If the rectangular plate 202 which is a component of the piezoelectric transformer 200 and the rectangular plate 142 which is a component the piezoelectric transformer 140 are equal in material, volume, width and thickness, then the difference in the capacity C01 of the primary electrodes between the piezoelectric transformers 200 and 140 is determined by the length of the primary electrodes and the difference in the capacity C02 of the secondary electrodes between the piezoelectric transformers 200 and 140 is determined by the lengths from the primary electrodes to the secondary electrodes. In the piezoelectric transformer 200, if the lengths of the rectangular plates 202 and 142 are both L, the length of each of the electrodes 203 and 204 is L/3 and that of each of the electrodes 205, 206, 207 and 208 is L/4 so as to coincide the capacity C01 of the primary electrodes of the piezoelectric transformer 200 with that of the primary electrodes of the piezoelectric transformer 140. In addition, in the piezoelectric transformer 140, the length of each of the electrodes 143, 144, 145 and 146 is L/3 and that of each of the electrodes 147 and 148 is L/6. In this case, the piezoelectric transformers 200 and 140 coincide with each other in the length of the primary electrodes of 5L/6. That is, the capacity C01 of the piezoelectric transformer 200 is equal to that of the piezoelectric transformer 140.

Next, the capacity C02 of the secondary electrodes in the above case will be described. In the piezoelectric transformer 140, the length from the electrode 154 serving as the secondary electrode to the electrodes 147 and 148 is L/6. The length from the electrode 216 serving as the secondary electrode to the electrodes 205 and 206 and that from the electrode 217 serving as the secondary electrode to the electrodes 207 and 208 are both L/12. Therefore, the capacity C02 of each of the two secondary electrodes of the piezoelectric transformer 200 is twice as large as that of the secondary electrode of the piezoelectric transformer 140. Further, the total capacitance C02 of the secondary electrodes of the piezoelectric transformer 200 is four times as large as that of the piezoelectric transformer 140 because the two capacities of the secondary electrodes are connected in parallel.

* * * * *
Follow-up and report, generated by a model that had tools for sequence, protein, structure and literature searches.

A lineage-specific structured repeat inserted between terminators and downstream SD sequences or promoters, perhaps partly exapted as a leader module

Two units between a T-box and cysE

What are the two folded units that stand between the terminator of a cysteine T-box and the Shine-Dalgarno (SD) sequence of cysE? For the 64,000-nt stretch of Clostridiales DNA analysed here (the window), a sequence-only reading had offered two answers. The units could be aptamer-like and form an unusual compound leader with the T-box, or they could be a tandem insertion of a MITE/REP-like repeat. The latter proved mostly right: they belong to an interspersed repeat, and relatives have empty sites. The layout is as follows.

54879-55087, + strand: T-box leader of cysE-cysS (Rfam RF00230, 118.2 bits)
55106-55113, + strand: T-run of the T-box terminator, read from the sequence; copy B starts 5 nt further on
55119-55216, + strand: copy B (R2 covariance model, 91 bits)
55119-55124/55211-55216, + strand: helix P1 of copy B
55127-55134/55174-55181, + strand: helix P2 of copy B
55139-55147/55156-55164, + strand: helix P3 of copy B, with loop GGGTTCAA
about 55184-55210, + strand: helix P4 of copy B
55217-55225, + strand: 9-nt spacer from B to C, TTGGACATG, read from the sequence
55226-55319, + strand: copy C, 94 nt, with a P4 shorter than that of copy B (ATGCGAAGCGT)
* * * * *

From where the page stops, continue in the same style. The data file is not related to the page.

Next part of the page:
As can be understood from the above, the piezoelectric transformer 200 in this embodiment can be higher in the capacity of the secondary electrodes and lower in secondary impedance (output impedance) than the conventional piezoelectric transformer 140 if rectangular plates of two piezoelectric transformers are equal in material and shape and the primary electrodes of them are equal in capacity. Therefore, the structure of the piezoelectric transformer 200 in this embodiment enables more current to flow in the secondary electrodes.

It is noted that the polarization directions of the rectangular plate 202 shown in FIGS. 1 and 2(1) are not limited to those shown therein. It suffices if the polarization direction between the electrodes 205 and 206 and that between the electrodes 207 and 208 are equal in the thickness direction of the rectangular plate 202, and those polarization directions are different from the polarization direction between the electrodes 203 and 204. Also, the polarization directions near the electrodes 216 and 217 serving as the secondary electrodes suffices if they differ in the longitudinal direction of the rectangular plate 202. Even in those cases, the same advantages as those described above can be attained.